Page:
The Lady Highlanders finished the 2017-18 season 6-23. Sanchez knows it won't be easy to turn things around, but he believes it can be done.

"We are going to have to rejuvenate the program," Sanchez said. "I have talked to coach Stallman about bringing some of his college girls down here to play with our players. You need some of that live camaraderie and outside influences. I have a player coming down, Kelly Clarke, who was a part of the 2007-08 state tournament team that my sister was a part of. Kelly went on to play at Grinnell in Iowa. Her state tournament team, that was the first time they had made it to state in 30 years."

Sanchez said there are a group of juniors who have the potential to be very good next year.

"Emily Lovejoy, Gracie Lester, Megan Holloway, Grayson Ertel, they all have the potential to do great things," Sanchez said. "We can do a lot of great things this first year. It's going to be a process, but I'm eager to start it."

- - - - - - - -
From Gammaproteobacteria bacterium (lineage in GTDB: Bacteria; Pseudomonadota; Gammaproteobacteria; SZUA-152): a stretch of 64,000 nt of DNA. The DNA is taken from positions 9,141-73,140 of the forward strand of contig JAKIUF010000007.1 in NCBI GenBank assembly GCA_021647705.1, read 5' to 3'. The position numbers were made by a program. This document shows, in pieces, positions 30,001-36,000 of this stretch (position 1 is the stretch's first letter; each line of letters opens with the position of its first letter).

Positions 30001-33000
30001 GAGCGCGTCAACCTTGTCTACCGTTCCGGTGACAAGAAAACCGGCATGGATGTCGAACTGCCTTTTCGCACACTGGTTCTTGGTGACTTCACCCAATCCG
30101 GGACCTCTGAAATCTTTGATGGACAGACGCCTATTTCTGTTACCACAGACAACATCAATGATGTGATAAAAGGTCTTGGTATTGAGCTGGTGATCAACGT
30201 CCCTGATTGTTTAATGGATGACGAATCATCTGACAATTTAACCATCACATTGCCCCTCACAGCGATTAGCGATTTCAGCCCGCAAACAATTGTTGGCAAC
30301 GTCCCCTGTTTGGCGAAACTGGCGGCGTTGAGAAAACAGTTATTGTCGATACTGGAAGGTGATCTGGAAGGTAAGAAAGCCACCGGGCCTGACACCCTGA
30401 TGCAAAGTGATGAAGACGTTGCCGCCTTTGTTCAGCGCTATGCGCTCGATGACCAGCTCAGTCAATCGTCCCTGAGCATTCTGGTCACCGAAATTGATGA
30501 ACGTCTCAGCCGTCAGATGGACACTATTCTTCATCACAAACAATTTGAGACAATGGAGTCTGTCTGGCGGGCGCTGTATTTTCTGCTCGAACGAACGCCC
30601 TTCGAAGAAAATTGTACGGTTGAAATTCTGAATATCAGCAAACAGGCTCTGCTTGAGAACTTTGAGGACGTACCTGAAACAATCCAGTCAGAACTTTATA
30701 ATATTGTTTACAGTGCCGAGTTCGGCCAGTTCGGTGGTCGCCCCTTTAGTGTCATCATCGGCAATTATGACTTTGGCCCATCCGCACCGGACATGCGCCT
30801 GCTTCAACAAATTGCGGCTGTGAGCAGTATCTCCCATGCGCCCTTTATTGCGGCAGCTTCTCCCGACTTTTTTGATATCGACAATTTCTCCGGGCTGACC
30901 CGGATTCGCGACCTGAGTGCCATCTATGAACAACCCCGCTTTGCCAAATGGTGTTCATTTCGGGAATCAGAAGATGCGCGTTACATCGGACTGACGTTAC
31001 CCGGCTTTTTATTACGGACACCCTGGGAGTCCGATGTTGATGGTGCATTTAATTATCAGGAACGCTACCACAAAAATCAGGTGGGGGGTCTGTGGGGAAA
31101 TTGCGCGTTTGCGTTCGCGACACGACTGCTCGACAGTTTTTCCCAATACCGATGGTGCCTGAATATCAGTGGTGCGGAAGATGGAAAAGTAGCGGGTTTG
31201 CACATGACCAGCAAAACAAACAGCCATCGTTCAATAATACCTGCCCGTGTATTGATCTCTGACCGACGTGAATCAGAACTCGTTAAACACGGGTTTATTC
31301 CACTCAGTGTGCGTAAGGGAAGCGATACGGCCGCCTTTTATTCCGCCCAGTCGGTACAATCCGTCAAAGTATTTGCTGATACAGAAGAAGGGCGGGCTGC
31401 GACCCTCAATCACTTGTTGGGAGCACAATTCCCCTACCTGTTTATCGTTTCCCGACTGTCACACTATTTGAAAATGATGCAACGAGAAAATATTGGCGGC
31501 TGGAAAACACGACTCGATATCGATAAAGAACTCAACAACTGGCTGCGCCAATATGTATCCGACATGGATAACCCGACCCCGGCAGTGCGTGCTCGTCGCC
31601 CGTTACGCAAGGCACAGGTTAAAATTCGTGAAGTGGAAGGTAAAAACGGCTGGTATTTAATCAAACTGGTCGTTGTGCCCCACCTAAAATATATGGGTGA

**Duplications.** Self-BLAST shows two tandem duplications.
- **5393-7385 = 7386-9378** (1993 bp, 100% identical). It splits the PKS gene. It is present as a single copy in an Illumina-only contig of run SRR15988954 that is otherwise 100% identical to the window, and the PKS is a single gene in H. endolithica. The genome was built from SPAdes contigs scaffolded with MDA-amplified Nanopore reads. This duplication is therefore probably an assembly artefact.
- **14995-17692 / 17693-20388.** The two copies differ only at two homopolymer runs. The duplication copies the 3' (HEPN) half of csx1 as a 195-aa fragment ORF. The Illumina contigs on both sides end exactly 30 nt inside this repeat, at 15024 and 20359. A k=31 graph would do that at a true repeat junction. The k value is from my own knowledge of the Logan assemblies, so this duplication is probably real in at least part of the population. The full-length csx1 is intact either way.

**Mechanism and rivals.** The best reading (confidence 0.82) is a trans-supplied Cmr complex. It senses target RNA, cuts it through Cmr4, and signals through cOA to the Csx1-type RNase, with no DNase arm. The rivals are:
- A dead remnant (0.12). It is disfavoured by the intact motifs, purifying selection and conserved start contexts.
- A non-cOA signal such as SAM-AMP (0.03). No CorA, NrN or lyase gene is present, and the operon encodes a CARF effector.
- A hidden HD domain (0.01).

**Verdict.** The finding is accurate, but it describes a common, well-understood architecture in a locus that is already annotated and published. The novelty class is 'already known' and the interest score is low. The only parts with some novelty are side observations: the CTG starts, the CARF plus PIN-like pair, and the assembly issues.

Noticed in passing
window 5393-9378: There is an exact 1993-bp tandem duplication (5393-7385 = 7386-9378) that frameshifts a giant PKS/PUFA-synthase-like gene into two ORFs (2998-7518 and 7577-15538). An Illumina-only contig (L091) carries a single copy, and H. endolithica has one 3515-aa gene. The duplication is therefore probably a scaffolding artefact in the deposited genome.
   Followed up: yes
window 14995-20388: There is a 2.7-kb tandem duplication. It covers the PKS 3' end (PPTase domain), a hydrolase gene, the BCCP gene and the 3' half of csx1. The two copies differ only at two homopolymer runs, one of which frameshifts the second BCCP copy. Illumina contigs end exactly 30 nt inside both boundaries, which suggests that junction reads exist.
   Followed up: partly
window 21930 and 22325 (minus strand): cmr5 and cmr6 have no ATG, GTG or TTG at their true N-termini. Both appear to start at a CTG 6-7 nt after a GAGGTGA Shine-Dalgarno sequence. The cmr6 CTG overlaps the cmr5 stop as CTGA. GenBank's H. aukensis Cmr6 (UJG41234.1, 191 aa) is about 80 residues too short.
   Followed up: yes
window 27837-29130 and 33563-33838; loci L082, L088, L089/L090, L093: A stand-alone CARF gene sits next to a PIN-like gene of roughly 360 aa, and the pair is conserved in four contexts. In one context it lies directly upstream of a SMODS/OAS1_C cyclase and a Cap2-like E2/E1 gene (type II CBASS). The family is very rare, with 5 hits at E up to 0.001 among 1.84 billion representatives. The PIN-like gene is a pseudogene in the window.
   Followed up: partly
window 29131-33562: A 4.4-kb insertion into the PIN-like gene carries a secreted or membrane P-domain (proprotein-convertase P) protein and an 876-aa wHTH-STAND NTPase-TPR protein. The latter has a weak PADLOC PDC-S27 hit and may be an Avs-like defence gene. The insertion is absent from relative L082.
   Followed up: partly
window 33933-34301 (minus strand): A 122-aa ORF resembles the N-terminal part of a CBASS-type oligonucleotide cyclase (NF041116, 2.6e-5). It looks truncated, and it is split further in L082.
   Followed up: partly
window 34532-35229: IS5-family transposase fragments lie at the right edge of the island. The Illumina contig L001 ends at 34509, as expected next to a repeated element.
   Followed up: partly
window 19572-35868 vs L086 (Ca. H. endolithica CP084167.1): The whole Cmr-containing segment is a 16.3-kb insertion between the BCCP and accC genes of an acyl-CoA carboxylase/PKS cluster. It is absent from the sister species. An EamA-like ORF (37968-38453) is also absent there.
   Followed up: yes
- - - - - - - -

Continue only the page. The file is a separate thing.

Sanchez grew up in a Christian home, as his parents were pastors at Full Faith Ministries for 18 years. They moved to Wyoming last October, but they, along with his eight brothers and sisters, have been a major influence on his life.

"It's a big family, but I like it that way," Sanchez said. "They have made a ton of sacrifices for me and I can't thank them enough."

Brothers had been the athletic director for the past two seasons, but Rambo will be taking back over for the coming season.

"I feel like we are in a good situation right now athletically," Rambo said. "We have some good people in place. I am very involved with our school and our community. It's exciting for our school and it's exciting for me."

Sanchez will also be coaching the track and field team and will teach physical education as well. Sanchez is engaged to Ramboís daughter, Hailei, and they are planning on getting married next summer.